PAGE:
by Lieutenant General Syed Ata Hasnain (Retd)

India must do everything possible to be on top of its game to counter Pak’s Kashmir misadventures. Despite strategic planning on LoC and diplomatic fronts, the bottom line of India’s effectiveness must be an attempted political consensus

On 5 Aug 2019, when the Indian Government took the historic decision on the constitutional and administrative status of Jammu &Kashmir (J&K), it would surely have also analysed the impact on national security with the emphasis being on Pakistan. The focus would probably have been on four primary concerns; internal security both in J&K and rest of India, the Line of Control in a no-war-no-peace mode, threats of an all-out conventional war with a nuclear backdrop and the international response which classically falls in the diplomatic realm but is linked to national security. It was not unexpected that Pakistan would up the ante in all four domains. How far has it succeeded and how much further will it go in its endeavour to recover lost ground after the surprise meted out to it is what strategic minds must analyse and debate.

The internal security front within J&K poses the severest challenge. Indian experience of 2008-10 and 2016 helped take some important decisions which have been crucial to the management of the situation so far. This time both rural and urban areas have sufficient deployment with the induction of additional armed police, leaving the Army to remain focused on its two main tasks, counter-terror and counter-infiltration, while also remaining ready for conventional war.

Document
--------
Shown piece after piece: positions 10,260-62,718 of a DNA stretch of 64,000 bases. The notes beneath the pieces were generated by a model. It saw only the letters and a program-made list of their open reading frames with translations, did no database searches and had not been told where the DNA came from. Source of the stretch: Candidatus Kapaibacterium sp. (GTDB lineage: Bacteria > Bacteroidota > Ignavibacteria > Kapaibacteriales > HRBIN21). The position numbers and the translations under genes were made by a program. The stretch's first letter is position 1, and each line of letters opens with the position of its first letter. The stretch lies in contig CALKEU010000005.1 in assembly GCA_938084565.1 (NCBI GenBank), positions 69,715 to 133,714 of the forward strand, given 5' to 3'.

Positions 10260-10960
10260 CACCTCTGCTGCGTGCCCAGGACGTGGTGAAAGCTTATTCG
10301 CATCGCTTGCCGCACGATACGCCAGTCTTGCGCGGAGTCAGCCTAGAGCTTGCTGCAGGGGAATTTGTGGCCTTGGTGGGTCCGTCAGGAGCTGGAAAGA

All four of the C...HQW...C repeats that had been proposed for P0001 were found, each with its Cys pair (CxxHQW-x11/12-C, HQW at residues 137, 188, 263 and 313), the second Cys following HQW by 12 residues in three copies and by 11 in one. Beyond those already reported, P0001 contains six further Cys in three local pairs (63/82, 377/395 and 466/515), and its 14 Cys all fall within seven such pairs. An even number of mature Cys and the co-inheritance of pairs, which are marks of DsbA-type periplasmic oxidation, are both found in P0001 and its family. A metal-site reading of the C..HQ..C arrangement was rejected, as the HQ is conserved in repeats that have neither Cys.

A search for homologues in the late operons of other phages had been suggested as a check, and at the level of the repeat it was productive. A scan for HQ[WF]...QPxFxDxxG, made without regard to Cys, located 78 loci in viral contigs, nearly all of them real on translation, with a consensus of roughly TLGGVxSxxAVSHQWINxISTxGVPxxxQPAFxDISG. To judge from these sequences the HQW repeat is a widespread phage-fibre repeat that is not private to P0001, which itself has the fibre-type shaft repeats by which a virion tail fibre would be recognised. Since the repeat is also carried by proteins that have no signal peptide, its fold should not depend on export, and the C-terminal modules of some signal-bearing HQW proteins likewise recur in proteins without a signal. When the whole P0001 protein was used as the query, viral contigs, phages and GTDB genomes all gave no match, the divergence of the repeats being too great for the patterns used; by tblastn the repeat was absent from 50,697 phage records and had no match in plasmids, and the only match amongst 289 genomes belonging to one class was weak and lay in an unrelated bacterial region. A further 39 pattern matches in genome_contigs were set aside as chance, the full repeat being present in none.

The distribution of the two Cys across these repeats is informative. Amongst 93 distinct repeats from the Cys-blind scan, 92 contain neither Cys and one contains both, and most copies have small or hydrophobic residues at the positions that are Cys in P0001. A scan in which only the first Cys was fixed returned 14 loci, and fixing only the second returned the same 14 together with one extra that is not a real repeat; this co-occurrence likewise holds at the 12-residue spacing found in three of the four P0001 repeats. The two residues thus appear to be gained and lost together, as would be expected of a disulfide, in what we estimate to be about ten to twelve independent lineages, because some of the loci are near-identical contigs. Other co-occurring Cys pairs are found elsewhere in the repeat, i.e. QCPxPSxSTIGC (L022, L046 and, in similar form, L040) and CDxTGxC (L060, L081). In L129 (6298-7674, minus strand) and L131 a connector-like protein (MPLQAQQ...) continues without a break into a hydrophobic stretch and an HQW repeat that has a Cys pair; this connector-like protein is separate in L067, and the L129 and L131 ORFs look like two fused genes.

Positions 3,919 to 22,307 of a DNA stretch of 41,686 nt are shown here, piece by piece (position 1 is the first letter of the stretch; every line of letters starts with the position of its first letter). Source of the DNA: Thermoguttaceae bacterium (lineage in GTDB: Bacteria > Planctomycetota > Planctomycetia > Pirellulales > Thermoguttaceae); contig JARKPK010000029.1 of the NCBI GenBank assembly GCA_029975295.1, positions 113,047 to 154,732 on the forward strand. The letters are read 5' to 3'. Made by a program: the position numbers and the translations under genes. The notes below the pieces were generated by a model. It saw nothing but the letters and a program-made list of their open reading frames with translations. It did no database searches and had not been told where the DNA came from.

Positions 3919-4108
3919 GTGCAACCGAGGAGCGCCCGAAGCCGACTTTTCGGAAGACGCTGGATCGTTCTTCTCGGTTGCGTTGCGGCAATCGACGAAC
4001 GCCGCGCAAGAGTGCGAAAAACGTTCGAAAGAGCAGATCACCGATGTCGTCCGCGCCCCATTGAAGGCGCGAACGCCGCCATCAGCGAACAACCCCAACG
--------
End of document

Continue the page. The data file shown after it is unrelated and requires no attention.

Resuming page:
With population control measures in place, the communication system being made unavailable, detention of key leaders and ban on assembly of people the situation has remained stable compared to previous times when internal security involving civil disturbances became a major challenge. There have been no agitation-related deaths unlike 2016 when almost 60 people died in the first three weeks after the killing of Burhan Wani.

In the lock down conditions, Pakistan has not been able to calibrate the situation thus far but that does not guarantee that it won’t try further. Try it will knowing fully well that a lock down too cannot be permanent. With little in terms of finances, moral support or leadership can the public be sufficiently instigated. Levels of strife reached in 2010 and 2016 are unlikely this time. Yet, there can be surprises and big gatherings could still be a reality. Handling these with armed police untrained for such situations will remain a challenge. With the focus of intelligence agencies and the police on ‘agitational terror’, terrorists are likely to return refreshed, with intelligence leads partially snapped.

Some of the desperate infiltration attempts being reported from North Kashmir are indicative of attempted induction of new leadership; entry of a few SSG personnel of Pakistan Army to take control and direct cannot be ruled out.